Reinventing Gracious Home


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The luxury retailer honors its roots while moving forward


Photos



  • CEO Robert Morrison. Photo courtesy of Gracious Home




  • Current storefront on Third Avenue and 70th Street. Photo: Charmaine P. Rice




  • Lighting display. Photo: Charmaine P. Rice




  • Bedding in the showroom. Photo courtesy of Gracious Home



It’s hard to believe that behind the beautiful window displays, ultra-luxe linens, luminous lights, and premier brands on display, is a struggling storied business. Gracious Home, the beloved luxury home retailer, was not immune to the aftereffects of the 2008 recession. After filing for bankruptcy and closing locations at the end of last year, Gracious Home is now in the midst of a reinvention.

For more than 50 years, Gracious Home graced the corner of Third Avenue and 71st Street, offering a wide array of products from light bulbs to plumbing fixtures and appliances. When Cuban émigrés Natan Wekselbaum and his brother, David, started the business in 1963 — a hardware store at the time — with a firm belief in customer service.

“They stood out because they were literally a hardware store and they made a commitment to their customer — they were nice and they just said, ‘yes,’” said Robert Morrison, CEO of Gracious Home. Morrison, a seasoned retail executive, joined the company in 2014. “Natan made a point of hiring other people like himself. ‘Be nice’ was the company mantra.”

David Wekselbaum eventually parted ways with his brother, and Natan, together with his wife, Nancy, grew the business. The retailer eventually morphed from a traditional hardware store, adding appliances, housewares, plumbing hardware, lighting fixtures, bedding and bath, and decorative accessories. “They were known as a store for carrying everything,” says Morrison.

Expansion led to a neighboring storefront on Third Avenue and 70th Street, a location on the Upper West Side and a store in Chelsea. The Chelsea location appeared doomed from the start due to bad timing when it opened in 2008. “They put the key in the lock the same day Lehman Brothers filed for bankruptcy,” said Morrison.

By August 2010, the family filed for chapter 11 bankruptcy protection, and was subsequently acquired by Americas Retail Flagship Fund LLC in December 2010. However, the acquisition did not solve the company’s woes. “The business hadn’t been invested in since 2007 and you cannot do that with a retailer. Substantive changes were not made and the business didn’t grow,” said Morrison. The expansive Chelsea location eventually shut its doors and moved around the corner, focusing on plumbing and hardware.

Americas Retail Flagship Fund ran the business until 2013 and by 2015, it sold a 51 percent stake to former Wal-Mart executive Dottie Mattison and David Mitchell a real estate executive. The retailer’s struggles continued and by December 2016, Gracious Home filed for chapter 11 protection again. Three of the four stores were closed by 2016.

However, the New Year ushered in a new beginning for the struggling retailer. In January 2017, Gracious Home received a $3 million loan from JMB Capital Partners. The cash influx allowed them to acquire new inventory and time to refocus the business model. Although the company has not yet emerged from chapter 11 bankruptcy, it has moved forward with a clearer picture of where to invest for future growth.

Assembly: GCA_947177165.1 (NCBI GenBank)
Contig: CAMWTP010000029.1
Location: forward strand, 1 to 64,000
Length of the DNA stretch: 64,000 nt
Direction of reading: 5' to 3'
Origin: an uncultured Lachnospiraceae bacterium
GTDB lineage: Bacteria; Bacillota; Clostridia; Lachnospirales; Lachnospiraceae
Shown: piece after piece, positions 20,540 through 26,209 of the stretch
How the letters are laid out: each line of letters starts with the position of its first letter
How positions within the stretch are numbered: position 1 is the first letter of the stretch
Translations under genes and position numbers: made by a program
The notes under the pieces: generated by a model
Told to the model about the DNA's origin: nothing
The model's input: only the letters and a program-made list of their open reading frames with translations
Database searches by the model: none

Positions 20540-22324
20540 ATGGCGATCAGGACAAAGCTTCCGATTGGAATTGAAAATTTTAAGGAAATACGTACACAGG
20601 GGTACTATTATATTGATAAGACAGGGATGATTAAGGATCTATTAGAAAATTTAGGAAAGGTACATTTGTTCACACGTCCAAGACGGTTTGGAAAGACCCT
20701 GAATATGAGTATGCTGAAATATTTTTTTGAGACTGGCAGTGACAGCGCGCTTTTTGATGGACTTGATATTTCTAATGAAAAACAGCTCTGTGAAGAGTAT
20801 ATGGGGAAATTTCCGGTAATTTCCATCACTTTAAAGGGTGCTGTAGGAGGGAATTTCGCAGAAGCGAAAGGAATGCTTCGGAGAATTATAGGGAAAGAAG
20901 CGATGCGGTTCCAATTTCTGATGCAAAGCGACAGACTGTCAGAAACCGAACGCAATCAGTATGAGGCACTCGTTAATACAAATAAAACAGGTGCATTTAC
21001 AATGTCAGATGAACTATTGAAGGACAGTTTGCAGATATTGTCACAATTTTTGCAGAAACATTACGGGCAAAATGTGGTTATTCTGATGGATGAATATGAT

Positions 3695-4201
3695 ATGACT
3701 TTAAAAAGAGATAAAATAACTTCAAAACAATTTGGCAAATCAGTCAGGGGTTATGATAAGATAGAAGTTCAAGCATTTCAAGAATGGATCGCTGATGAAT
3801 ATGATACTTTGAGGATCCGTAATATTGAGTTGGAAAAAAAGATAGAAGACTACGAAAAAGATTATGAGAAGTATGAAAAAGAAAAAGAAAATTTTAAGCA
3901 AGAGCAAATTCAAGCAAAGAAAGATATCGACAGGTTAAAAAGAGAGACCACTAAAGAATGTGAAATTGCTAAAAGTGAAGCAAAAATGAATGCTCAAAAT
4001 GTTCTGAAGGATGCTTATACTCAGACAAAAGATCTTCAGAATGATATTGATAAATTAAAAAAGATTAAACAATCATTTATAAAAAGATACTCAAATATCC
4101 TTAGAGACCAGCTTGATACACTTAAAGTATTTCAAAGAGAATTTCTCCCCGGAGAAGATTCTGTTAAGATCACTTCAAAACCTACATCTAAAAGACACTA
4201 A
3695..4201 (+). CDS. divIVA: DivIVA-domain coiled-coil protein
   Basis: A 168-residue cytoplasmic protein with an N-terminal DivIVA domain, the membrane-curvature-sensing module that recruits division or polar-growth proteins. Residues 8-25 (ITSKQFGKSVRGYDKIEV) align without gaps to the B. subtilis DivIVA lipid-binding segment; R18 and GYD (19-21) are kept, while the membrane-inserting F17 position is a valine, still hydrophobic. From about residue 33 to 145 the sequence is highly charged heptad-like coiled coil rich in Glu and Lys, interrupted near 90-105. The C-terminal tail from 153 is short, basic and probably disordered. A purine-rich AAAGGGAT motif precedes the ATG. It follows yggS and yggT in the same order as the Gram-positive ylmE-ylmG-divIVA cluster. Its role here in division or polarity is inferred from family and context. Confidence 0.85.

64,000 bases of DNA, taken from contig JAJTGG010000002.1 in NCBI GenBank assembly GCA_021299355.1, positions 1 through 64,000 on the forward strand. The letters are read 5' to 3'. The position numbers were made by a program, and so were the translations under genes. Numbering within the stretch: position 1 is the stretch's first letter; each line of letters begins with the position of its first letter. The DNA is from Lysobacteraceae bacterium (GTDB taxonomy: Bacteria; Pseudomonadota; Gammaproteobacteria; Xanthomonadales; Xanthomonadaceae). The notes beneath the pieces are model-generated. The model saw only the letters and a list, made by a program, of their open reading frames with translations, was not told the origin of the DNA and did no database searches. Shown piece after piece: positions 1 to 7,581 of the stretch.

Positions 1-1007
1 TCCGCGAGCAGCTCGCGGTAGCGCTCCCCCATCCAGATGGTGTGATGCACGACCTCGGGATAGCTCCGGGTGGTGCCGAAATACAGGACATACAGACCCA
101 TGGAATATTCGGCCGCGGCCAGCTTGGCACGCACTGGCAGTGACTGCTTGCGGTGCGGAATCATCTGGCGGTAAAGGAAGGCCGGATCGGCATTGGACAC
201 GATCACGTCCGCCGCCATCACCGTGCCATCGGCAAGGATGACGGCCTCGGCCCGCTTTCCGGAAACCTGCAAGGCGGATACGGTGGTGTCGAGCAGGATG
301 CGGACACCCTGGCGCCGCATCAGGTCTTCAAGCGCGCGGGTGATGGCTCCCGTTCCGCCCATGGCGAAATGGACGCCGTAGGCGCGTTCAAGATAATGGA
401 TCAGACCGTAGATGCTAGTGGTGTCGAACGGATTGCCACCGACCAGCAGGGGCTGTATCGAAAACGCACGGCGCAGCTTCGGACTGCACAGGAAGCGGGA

“We are focused on high-end bed, bath, and lighting, which are the businesses that have grown in the last five years,” said Morrison. A digital transformation is key to the new model for growth. According to Morrison, 30 to 35 percent of Gracious Home’s customers visit the site on mobile devices.

“In the past, the website was primarily used as the store’s marketing vehicle,” said Morrison. “We’re evolving our model to be a digital model supported by stores. Sixty-five percent of our web business derives from outside of the New York City metropolitan area. Our customer lives everywhere and they have multiple homes, even overseas. And they need sheets, towels, and table linens. They trust us, know us, and we have the right brands.”

Morrison noted that the current Upper East Side store at 1220 Third Avenue and 70th Street will remain open, and the in-store experience has remained intact. “We’ll begin to be a bit of a showroom with items that people can buy and take away. But, there will be lots of stuff on the website that we are not going to have in-store.”

“Customers shop here because of the things that we’re known for and the brands that we carry. And exceptional service. There’s no sales associate that has been here for less than 10 years,” emphasized Morrison. “They know our customers but they also really know our products. It’s not like people come in and say, ‘I just want a nice white sheet.’ They want, like a really nice white sheet.”

Store manager Henry Tilo has been with the company for 14 years. “Business has been good, we’ve been busy. We have a loyal customer base,” Tilo said. Appealing to a younger customers is also part of the new strategy. “We’re aiming to attract a younger demographic and somewhat educate them,” said Morrison. “For two reasons: one, that customer needs to sleep on better sheets and, two, they need to understand why.”

To that end, the company is partnering with younger bloggers to spread the word, in addition to taking out print ads in local newspapers, and optimizing the site for SEO. “We’re being very judicious on our marketing spend. We’d rather grow at a modest pace then run around like chickens without heads and disappointing our customers,” Morrison added. The current location was relaunched on March 1st, with a soft launch of the redesigned website on April 28. An email blast went out to customers on May 2.


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